Disney historian Jim Korkis (author of the amazing Vault of Walt books), who attended a screening of the film, says that each time Tom Schumacher (former Disney Feature Animation president) or Peter Schneider (former Disney Studios chairman), were on the screen, "there were howls from the audience that was partly composed of animators from Disney Feature Animation Florida." Jim stated that "the two executives did come across as nerdy bullies who really didn't seem to know what was going on when it came to animation" and that they "were unnecessarily hurtful and full of politically correct speech." He adds that it is left to the viewer to decide if this impression is due to editing or a "remarkable truthful glimpse".
|Peter Schneider (left) and Tom Schumacher (right) at a Disney Animation meeting|
Jim also adds that "rarely have artists been caught so evocatively in fear of executives, or executives portrayed as so clueless as to how to deal with artists, how to resolve story problems and how to understand what audiences wanted." Kingdom of the Sun was to be directed by Roger Allers, who was basking in the success of his work on The Lion King. Korkis goes on to say that "supporters of Allers' original vision still feel that if he had been given the time, money and support that the film would have been a masterpiece, but instead of the more ambitious Kingdom of the Sun, the Disney Studio decides to go with a supposedly more commercial film incorporating some of the same characters and location, Emperor's New Groove."
Although the film in its completed form had been kept under wraps for about a decade, on March 21, 2012 it was posted online by an eighteen-year-old cartoonist in the UK. After the documentary was leaked online, Amid Amidi of Cartoon Brew gave the following analysis of the film:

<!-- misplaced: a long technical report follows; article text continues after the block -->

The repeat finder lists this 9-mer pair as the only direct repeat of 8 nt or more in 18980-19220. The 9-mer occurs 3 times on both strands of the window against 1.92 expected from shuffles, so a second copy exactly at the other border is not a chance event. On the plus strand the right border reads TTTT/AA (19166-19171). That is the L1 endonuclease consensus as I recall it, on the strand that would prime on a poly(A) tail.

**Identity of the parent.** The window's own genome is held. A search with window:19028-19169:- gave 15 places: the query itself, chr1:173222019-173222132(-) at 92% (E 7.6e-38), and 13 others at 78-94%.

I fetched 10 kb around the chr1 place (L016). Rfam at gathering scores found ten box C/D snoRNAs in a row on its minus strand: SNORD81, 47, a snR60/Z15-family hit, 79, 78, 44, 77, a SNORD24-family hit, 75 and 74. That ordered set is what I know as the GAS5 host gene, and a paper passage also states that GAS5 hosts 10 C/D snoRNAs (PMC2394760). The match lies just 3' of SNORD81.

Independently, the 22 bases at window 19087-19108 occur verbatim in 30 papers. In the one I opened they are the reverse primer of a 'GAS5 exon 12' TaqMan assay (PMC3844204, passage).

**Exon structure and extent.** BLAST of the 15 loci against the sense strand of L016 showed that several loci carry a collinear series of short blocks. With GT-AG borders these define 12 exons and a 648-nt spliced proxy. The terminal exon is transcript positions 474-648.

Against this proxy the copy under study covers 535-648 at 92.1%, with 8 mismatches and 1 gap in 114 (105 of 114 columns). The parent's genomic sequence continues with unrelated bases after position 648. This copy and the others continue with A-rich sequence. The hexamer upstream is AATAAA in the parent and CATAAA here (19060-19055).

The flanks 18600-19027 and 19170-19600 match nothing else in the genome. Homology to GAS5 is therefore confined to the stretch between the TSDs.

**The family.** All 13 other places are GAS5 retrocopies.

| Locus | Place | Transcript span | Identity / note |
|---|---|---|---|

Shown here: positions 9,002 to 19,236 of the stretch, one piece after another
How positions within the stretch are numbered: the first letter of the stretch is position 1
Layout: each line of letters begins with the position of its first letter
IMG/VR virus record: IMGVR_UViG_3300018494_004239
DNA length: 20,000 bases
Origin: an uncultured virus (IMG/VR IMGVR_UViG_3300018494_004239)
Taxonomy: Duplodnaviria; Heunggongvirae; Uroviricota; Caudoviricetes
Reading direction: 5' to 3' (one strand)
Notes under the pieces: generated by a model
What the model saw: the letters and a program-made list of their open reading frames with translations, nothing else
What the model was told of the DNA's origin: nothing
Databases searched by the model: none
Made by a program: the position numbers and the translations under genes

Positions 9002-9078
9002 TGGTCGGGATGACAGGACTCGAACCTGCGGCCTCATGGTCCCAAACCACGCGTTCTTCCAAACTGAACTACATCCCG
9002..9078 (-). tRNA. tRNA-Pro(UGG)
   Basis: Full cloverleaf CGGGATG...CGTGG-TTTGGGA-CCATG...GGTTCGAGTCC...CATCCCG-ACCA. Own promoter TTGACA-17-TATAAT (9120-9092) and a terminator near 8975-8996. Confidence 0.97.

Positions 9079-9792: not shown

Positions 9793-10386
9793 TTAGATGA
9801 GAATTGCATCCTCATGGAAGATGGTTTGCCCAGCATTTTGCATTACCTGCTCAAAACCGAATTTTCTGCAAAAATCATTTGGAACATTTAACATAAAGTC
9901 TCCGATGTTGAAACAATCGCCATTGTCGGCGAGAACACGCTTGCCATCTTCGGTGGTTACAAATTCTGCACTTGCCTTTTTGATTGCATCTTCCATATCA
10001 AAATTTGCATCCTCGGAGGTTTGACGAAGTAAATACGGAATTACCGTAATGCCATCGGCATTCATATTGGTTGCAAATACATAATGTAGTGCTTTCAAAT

"The Sweatbox is at turns infuriating, hilarious and enlightening. You’ll cringe in sympathy with the Disney artists as you see the gross bureaucratic incompetence they had to endure while working at the studio in the 1990s. The film not only captures the tortured morphing of the Kingdom of the Sun into The Emperor’s New Groove, it also serves as an invaluable historical document about Disney’s animation operations in the late-1990s. If any questions remain about why Disney fizzled out creatively and surrendered its feature animation crown to Pixar and DreamWorks, this film will answer them."— Amid Amidi, Cartoon Brew
|Sting in a storyboard meeting for Kingdom of the Sun|
(For your viewing pleasure, please remember to pause the Disney Avenue Music Player in the top, left-hand corner of the page prior to playing the video below if you are on a desktop computer. Also, please be aware that the video does contain some strong language that may be unsuitable for small children as this is the "unedited" version.)
(If the movie doesn't play on a mobile device try watching on a desktop computer.)
Keith Michael Mahne is the owner and editor of Disney Avenue and the host of the Disney Avenue Podcast. He has made countless trips to the Walt Disney World resort since his first trip in 1989 at the age of four. Keith has a strong passion and respect for Walt Disney, the parks and resorts, and the men and women who help create them. He started Disney Avenue as a way to inform and entertain readers and to repay all those who make dreams come true every day.